Pictures Of Ice
I have been captivated by pictures of ice for a few years now. I
began taking ice pictures in the winter of 2006 by happenstance; I was driving by the beach in Penticton and
happened to glance at the water's edge a hundred yards away, noticing the wind had sprayed a fence and tree there,
and the water had frozen and built up into what looked like some interesting formations from my distance. I parked,
walked to the water, and noticed the whole beach was littered with small ice sculptures;
Ice had built up on bits of driftwood, rocks, leaves, plants, and in some
wonderful cases had imprisoned these items with a clear coating around their vibrant colors. Where there was no
ice, the beach sand made a wonderful soft, granular brown contrast to the hard ice shapes. I'd never taken a close
look at this shoreline before during 'ice time', because ice time was quite rare; usually there was either no ice,
or the ice was covered in snow. But here was a wonderland of tiny sculptures of ice. I started snapping away, and
pictures of ice instantly became my new photography of choice in the winter.
I returned there, and to other areas, every day for pictures of ice, hoping to get
the light just right, the ice in an interesting shape, and to beat the snow or to beat the melting. Each short
window of photo opportunity was brief: a day or two, or even a few hours. The ice formations needed wind to spray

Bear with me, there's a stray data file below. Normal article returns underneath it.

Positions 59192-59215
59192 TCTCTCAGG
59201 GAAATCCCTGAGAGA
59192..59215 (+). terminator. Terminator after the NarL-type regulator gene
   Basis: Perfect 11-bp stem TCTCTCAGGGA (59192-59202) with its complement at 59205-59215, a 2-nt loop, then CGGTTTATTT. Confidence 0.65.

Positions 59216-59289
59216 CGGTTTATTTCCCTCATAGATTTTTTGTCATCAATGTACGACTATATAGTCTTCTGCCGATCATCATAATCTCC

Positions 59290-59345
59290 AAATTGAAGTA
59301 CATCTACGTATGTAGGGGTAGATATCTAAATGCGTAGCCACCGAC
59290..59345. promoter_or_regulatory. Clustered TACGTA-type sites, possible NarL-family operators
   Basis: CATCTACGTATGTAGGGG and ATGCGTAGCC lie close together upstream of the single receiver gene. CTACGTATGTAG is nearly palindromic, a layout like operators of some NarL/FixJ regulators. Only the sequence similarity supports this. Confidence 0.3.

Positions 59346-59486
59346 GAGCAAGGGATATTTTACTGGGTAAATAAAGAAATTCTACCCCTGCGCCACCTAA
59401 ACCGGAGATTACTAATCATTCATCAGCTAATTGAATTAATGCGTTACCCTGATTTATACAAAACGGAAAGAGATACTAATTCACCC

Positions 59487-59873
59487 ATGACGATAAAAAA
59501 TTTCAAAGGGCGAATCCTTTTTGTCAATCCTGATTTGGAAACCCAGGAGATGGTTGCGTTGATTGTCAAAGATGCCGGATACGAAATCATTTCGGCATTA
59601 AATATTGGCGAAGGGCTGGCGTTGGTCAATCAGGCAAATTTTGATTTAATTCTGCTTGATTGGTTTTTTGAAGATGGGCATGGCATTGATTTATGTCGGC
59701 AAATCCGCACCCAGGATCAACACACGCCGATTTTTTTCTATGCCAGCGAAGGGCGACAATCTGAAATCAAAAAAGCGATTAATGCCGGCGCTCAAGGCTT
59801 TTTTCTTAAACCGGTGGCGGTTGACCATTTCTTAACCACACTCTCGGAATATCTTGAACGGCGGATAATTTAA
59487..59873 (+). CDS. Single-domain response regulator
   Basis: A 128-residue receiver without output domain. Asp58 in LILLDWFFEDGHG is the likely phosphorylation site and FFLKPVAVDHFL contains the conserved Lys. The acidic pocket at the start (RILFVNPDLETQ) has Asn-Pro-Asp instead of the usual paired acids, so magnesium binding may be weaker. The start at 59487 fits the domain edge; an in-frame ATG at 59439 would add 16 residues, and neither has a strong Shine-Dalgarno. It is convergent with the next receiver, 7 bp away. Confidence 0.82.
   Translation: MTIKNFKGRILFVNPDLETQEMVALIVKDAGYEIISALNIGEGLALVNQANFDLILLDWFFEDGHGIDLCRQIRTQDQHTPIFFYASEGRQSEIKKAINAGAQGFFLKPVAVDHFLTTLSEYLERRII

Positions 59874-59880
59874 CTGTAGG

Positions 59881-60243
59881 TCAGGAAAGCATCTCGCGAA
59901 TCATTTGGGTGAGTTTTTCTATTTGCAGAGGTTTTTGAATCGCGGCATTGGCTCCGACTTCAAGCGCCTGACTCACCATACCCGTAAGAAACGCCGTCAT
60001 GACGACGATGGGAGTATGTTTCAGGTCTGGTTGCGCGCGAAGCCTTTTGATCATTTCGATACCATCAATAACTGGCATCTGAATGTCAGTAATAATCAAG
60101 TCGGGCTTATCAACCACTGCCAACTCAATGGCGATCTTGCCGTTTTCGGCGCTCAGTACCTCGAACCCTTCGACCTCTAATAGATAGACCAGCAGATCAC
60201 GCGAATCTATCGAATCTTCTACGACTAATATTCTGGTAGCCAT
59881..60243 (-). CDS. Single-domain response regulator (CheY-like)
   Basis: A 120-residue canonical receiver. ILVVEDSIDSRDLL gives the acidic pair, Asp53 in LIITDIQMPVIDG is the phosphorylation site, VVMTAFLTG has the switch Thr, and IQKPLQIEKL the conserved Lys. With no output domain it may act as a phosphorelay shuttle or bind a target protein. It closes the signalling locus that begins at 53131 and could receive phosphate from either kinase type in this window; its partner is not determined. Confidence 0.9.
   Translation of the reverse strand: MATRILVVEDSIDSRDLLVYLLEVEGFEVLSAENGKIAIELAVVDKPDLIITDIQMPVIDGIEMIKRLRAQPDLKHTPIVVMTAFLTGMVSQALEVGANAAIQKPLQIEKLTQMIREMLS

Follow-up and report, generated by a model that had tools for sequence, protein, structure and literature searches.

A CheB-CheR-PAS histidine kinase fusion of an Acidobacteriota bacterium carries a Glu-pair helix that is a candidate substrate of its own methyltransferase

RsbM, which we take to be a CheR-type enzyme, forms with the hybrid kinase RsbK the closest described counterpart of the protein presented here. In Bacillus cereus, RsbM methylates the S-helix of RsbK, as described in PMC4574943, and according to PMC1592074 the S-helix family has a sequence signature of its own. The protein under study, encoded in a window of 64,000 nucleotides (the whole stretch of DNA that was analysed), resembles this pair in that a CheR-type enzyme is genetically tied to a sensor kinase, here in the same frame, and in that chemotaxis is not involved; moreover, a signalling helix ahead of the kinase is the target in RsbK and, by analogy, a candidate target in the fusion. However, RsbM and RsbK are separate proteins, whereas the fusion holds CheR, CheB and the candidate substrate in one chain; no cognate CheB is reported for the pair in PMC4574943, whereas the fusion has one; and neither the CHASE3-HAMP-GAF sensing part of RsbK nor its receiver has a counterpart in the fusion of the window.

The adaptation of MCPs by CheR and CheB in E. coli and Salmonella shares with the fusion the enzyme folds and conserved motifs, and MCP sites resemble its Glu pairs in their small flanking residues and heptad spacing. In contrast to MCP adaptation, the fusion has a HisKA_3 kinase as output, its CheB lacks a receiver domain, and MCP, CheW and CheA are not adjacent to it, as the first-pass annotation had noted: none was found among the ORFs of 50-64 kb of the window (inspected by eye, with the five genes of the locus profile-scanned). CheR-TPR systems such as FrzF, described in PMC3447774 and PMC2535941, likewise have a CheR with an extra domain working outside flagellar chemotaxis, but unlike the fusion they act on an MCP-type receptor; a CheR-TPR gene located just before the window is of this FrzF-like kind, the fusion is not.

lake water on them, waves, plants and rocks to coat, interesting lighting, no snow, and no thawing... and then
these extraordinary ice shapes grew from nowhere, into amazing ice beings, jungles, and patterns.
These pure moments converged maybe two or three brief times each winter, usually
lasting on and off for a few days each. My pictures of ice show startling differences year to year: some years the
ice is milky and opaque, some years it's a crystal clear looking-glass that magnifies and frames whatever is
temporarily entombed within. Even the changing light at different times of the day, and a cloudy or clear sky,
would vastly change the mood and contrasts of each formation, and photographs thereof, from hour to hour, from
bright and friendly to dark and sinister.
Enjoy my pictures of ice; you can read a little more about where I take them, and
what I go through to get them, on the 'About These Pictures' page.